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Have you ever known the outsourcing of IT Support/Services work?

Discussion in 'Servers and Enterprise Solutions' started by steinooo, Jan 2, 2019.

  1. steinooo

    Mobster

    Joined: Dec 31, 2003

    Posts: 4,446

    this example is what i've seen and just can't make sense of it. The customer ends up basically doing the work anyway but is being billed for it -

    • there's no motivation from the customer to mould the outsourcers' processes as he knows he can just do it easily himself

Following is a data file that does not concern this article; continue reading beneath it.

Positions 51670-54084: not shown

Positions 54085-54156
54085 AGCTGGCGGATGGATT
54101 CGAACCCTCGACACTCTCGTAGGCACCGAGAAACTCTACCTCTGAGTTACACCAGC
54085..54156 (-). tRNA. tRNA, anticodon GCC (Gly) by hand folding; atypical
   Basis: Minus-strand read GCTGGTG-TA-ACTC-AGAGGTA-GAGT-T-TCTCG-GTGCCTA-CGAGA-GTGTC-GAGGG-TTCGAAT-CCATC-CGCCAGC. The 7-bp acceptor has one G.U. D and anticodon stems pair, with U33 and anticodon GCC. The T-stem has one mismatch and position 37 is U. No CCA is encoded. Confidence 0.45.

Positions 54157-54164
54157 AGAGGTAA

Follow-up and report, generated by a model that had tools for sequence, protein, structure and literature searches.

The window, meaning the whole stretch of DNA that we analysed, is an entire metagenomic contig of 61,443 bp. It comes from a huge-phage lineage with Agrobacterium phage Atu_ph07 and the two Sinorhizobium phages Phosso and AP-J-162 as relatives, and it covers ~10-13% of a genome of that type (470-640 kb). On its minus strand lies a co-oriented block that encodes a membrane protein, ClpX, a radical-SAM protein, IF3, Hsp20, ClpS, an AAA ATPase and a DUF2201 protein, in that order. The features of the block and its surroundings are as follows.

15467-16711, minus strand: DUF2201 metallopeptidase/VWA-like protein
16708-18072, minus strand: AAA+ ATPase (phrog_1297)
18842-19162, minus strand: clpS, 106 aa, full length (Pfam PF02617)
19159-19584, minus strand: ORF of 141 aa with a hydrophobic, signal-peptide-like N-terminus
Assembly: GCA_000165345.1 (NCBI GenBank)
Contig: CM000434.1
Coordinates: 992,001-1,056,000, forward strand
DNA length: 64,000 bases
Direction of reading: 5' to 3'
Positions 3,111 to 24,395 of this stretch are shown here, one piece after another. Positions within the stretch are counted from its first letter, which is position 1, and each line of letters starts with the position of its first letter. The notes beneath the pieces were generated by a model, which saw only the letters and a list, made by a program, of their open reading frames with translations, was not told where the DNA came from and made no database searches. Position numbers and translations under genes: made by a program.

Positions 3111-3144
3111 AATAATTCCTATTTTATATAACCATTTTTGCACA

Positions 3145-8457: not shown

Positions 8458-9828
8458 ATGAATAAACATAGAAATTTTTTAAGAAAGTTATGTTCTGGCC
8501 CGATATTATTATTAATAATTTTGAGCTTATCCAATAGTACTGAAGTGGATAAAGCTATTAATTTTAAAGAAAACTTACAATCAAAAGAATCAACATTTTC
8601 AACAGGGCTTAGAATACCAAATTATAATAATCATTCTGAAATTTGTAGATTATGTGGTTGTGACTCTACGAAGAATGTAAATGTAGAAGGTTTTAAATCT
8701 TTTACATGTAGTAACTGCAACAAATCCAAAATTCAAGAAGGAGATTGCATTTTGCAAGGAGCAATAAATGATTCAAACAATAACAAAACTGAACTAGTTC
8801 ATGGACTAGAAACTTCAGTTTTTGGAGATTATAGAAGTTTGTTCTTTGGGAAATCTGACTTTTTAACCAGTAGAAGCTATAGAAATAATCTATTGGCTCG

• There's no motivation from the outsourcer to update their processes as they've signed the contract and are being paid

    The crux of it is as mentioned in the contract phase, but in a complex job like IT not every eventuality and task can be costed and detailed in a contract so it's a loss for the customer and a win for the outsourcer.

    I've seen arrogant customers outsource with such vague terms like "you just deal with everything infrastructure related" and no further terms. So when a new technology comes along which does things twice as quick and for half the price, the outsourcer doesn't have the motivation to implement such technology as they're being paid anyway.
     
  2. Caged

    Capodecina

    Joined: Oct 18, 2002

    Posts: 23,239